12 Jan Hawaiian Culture
There is no doubt that coming to Hawaii will bring joy to your soul. The hot sun on your skin, the warm sand between your toes and the smell of the ocean blowing through your hair – it’s truly an immersive experience. But to fully understand Hawaii and everything it has to offer; you must also understand the culture and history of the land you’re standing on.
Hawaiian culture is deeply rooted in the land and the water that surrounds it. Every force of nature has had an impact on both the people and the place they call home. It is believed that the first Hawaiians came from the South Pacific around 1,600 years ago. Another influx of Polynesians arrived 800 years after the first settlers arrived and then 400 years after that, travel between the islands and Hawaii had ceased. With no new incomers and no one leaving, the people who had come to Hawaii began to develop their own beautiful culture. Everything from their language and legends to art and cuisine all adapted to what the islands had to offer.
If there is one thing that could possibly compete with the beautiful surroundings of Maui, it’s the food. Traditional Hawaiian food is a journey for your taste buds that will undoubtedly leave you wanting more. With a heavy focus on locally grown and sourced items, the food here is always fresh and full of exotic flavors.
One staple of Hawaiian diets is poi. This traditional dish is a staple and is a simple starchy dish made from taro root. It can be combined with meats and veggies or eaten alone and has a slightly sour taste from fermentation in the preparation process. Another delicious dish to try when you come to the island is poke. Think of poke as the Hawaiian version of sushi – raw fish that is cubed and dressed with sauce, veggies and rice – except it isn’t molded into a roll but rather served in a bowl.
We couldn’t talk about the flavors of the islands without mentioning some of the sweet items. Local fruits, like pineapple and passion fruit, are always ripe and available. In fact, many of the local pastries and fruit bowls take advantage of the local produce to create sinfully sweet items. And, if you’re looking for a more indulgent treat, Hawaiian shaved ice is always a crowd pleaser even on the hottest days.
Despite the island’s long history, the Hawaiian language was only established as the native tongue in 1839 by King Kamehameha III. A combination of different dialects from around the Pacific, the language is made up of only 13 letters – 5 vowels and 7 consonants.
A, E, H, I, K, L, M, N, O, P, U and W
It may seem like 13 letters aren’t enough to create an entire language from but there is another important aspect to spoken Hawaiian – what’s known as ‘okina or glottal stop. Think of when you say “metal”, the break between meh- and -tal is one of these stops. In the Hawaiian spoken language for example, the 3-letter word pau can have 4 different meanings depending on the ‘okina. If you missed our last blog on some common phrases used around the island, don’t worry! We have you covered. Check out these Hawaiian sayings to learn before arriving.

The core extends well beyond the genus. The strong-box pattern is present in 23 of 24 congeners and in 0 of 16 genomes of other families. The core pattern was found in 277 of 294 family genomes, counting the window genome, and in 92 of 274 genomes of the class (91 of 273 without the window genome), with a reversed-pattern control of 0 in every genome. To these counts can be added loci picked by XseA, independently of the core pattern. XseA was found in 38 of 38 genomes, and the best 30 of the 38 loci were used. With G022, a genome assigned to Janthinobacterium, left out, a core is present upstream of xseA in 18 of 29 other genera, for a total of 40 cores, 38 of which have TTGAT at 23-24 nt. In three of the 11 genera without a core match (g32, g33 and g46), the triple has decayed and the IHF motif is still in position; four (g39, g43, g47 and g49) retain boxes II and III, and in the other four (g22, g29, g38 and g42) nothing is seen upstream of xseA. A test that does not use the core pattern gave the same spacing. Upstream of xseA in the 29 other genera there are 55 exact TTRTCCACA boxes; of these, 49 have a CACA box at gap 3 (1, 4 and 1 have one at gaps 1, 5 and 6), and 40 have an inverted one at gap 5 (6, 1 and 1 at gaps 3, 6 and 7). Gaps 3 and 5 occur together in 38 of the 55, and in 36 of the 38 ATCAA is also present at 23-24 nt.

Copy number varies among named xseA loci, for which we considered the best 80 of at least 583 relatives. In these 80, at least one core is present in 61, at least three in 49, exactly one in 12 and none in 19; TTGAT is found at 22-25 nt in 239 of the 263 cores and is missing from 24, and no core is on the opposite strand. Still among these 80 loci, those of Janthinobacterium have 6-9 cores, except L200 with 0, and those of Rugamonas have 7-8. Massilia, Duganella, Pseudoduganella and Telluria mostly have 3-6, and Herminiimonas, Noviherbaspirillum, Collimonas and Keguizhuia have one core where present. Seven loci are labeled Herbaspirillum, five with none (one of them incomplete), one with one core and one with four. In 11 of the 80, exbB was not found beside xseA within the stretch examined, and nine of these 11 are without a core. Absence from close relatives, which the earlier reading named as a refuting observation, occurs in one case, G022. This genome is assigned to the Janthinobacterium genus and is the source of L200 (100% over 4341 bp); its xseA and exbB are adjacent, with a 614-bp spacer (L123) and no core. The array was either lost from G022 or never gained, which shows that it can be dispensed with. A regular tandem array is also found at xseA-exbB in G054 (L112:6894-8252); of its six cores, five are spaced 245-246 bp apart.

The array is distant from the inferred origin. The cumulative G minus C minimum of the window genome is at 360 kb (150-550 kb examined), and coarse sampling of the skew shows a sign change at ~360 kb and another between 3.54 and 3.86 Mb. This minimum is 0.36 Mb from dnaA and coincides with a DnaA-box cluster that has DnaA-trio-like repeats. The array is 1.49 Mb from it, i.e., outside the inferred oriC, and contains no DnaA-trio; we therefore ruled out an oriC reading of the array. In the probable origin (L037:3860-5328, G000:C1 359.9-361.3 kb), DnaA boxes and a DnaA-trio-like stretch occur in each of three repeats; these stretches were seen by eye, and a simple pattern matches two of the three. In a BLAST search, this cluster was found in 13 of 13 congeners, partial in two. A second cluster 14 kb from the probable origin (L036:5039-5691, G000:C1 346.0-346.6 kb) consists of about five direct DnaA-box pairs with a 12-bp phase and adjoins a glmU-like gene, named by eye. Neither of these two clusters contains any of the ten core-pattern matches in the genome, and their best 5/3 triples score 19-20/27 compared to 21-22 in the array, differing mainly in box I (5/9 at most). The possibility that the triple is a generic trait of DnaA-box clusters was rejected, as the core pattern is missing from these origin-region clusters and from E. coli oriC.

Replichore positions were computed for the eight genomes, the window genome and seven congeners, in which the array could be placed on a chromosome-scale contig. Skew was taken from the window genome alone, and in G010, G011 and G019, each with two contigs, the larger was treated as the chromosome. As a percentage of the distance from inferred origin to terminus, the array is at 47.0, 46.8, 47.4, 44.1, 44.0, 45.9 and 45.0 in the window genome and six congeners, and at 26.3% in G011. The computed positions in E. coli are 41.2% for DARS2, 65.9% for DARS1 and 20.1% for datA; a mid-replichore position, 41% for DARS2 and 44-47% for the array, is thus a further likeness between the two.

Or, if you want to try something else fun, here is how you would write your name using transliteration from English to Hawaiian.
- Replace B, F, and P with P
- Replace C, D, G, J, K, Q, S, T, X, and Z with K
- Replace L and R with L
- Replace V and W with W
- Replace Y with I
- Vowels do not change
- All consonants must be separated with a vowel
Hawaiian religion and spirituality are a big aspect of not only the culture here but also the way of life. Traditional Hawaiian religion consists of both polytheistic and animalistic beliefs as well as the belief that spirits can be found in non-human things such as the waves and the sky. You may have heard of Pele, the goddess who holds dominion over volcanoes. If she was angered, she would cause the volcanoes to erupt to show her displeasure. Also, like many religions, there were also a set of rules that everyone needed to abide by known as kapu akua that could come with heavy punishments if not followed. However, after becoming a state in 1959, traditional beliefs began to disappear as other established religions were introduced. Modern Hawaiians practice a variety of religions, Christianity being the largest. There is also a large Asian population on the islands that follow other beliefs such as Buddhism, Shinto and Hinduism.
You would be hard-pressed to talk about the culture of Hawaii and not include the hula. Ancient hula, known as kahiko, was performed with chanting and traditional instruments. Modern hula as we know it, or ‘auana, is performed with Western-influenced instruments such as the guitar and ‘ukulele. What you may not know is that the hula is not just a dance, but rather a way of telling stories and passing them from generation to generation. Hand movement and chants signify different aspects of nature, history and emotions while body movements are thought to be a dedication to Hawaiian gods and goddesses.
Traveling to Hawaii is truly a spiritual experience for your mind, body and soul. The culture of native Hawaiian is strongly present in everything from the offerings of food to the simple gesture of a lei upon arrival. If you’re ready to experience everything Maui has to offer, your friends at The Pauli Family Condos at Wailea are ready to help. Book your vacation today and get ready to have an experience like no other. Or be sure to visit ActivityMaui if you want even more info on activities in Hawaii. A hui hou – Until we meet again!